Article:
EVEN WHEN WE’RE doing everything we’re supposed to do to keep our teeth healthy and strong, accidents sometimes happen. A bad fall, a sports injury, or biting down on something the wrong way are just a few things that could lead to a damaged or knocked-out tooth. In cases like these, the best person to see (after getting emergency treatment for any dangerous injuries) is the endodontist.
What Makes the Endodontist the Better Choice?
Dental school doesn’t offer the same kind of training for treating dental injuries as what endodontists learn. Endodontists get all the techniques, equipment, and experience to achieve the best possible outcome for an injured tooth, and they’re also equipped to ensure there isn’t additional damage that isn’t as obvious to the naked eye. For instance, a neighboring tooth could also be damaged or there could be a crack hiding beneath the gum line.
For Injuries That Result in Cracking or Chipping
The most effective treatment for an injured tooth depends on the severity of the crack or chip in it (as well as how quickly the patient gets to us for treatment). If the tooth only has a fractured crown, it can usually be repaired, whether by reattaching the piece that broke off or by cementing a tooth-colored filling into the damaged spot.
If too large a piece has broken off the crown, we might need to place an artificial crown or cap, sometimes paired with root canal treatment to save the tooth if the pulp was exposed or damaged. Sometimes, it will take root canal treatment and a crown to restore the function of a broken molar. In some cases, the damage is too extensive to be saved even by root canal treatment, particularly when the tooth splits down to the root.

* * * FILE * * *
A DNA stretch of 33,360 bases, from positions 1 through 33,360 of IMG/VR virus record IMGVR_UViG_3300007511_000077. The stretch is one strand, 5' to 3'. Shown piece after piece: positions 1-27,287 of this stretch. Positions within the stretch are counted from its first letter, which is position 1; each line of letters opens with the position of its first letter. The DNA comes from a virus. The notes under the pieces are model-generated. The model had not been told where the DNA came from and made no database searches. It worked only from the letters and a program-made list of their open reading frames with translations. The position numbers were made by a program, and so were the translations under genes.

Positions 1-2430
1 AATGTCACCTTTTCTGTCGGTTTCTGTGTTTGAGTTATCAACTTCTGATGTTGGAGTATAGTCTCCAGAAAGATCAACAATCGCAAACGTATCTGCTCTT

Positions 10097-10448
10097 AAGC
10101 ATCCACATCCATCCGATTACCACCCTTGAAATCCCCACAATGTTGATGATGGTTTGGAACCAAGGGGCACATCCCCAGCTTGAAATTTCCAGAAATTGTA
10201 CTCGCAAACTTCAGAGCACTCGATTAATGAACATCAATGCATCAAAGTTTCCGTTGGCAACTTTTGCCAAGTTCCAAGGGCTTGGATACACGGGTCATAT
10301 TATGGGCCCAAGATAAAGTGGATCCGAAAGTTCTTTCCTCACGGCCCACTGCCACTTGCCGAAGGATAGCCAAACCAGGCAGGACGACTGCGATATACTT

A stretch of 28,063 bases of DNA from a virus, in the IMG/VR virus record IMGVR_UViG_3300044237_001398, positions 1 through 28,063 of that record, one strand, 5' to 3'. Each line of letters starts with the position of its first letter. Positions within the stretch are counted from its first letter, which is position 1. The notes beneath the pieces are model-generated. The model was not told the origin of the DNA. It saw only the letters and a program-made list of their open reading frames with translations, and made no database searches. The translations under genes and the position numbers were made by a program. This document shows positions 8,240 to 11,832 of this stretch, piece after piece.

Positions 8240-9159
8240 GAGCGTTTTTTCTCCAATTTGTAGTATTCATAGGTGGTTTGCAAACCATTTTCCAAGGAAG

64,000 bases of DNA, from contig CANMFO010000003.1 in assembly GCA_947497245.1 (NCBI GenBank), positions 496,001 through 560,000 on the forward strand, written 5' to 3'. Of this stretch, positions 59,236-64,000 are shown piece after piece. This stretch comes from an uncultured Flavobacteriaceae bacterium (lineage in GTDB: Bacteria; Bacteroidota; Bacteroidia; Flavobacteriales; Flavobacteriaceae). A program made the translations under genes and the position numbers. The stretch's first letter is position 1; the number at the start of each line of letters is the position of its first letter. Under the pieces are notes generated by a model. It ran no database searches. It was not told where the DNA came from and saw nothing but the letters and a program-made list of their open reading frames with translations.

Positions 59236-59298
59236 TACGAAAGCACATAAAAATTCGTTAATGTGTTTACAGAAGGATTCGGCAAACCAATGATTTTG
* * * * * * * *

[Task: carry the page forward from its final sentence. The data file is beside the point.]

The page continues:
For a Dislodged or Knocked-Out Tooth
A tooth that has been knocked out of place or pushed deeper into its socket (but not completely knocked out) may require root canal treatment, but it is often possible to reposition and restabilize it. For teeth that are knocked out completely, it’s a race against the clock. Get to the endodontist with the tooth immediately, because the faster we can treat it after the accident, the better the chances are that the tooth can be successfully replanted.
It’s very important that you do not touch the root of a knocked-out tooth or attempt to clean it, because this will kill the root and make replanting impossible. Store it in the socket or a glass of milk if that’s not possible. To replant it, the endodontist will use a stabilizing splint (think of a bonded retainer) to keep the tooth steady throughout the healing period. Root canal therapy is sometimes necessary too, depending on the health of the tooth.
How to Manage a Dental Injury Prior to Treatment
The ideal dental injury situation is that you can get to the endodontist or an emergency dentist within minutes after the injury occurs. In the meantime, you can manage the discomfort and protect the damaged tooth in a few ways. Biting down on clean, moist cloth or gauze can help if it hurts to breathe through your mouth or drink cold fluids. Avoid topical painkillers (including putting aspirin directly on the affected area), but it’s fine to take over-the-counter pain medication.
Prepare an Emergency Dental Injury Plan
Even though it’s impossible to prevent all accidents, we can prepare for them in advance by making an emergency plan. Any injuries that impact more than the teeth should be treated at an emergency room first, but make a plan for how to get to the endodontist quickly in the event of an oral injury.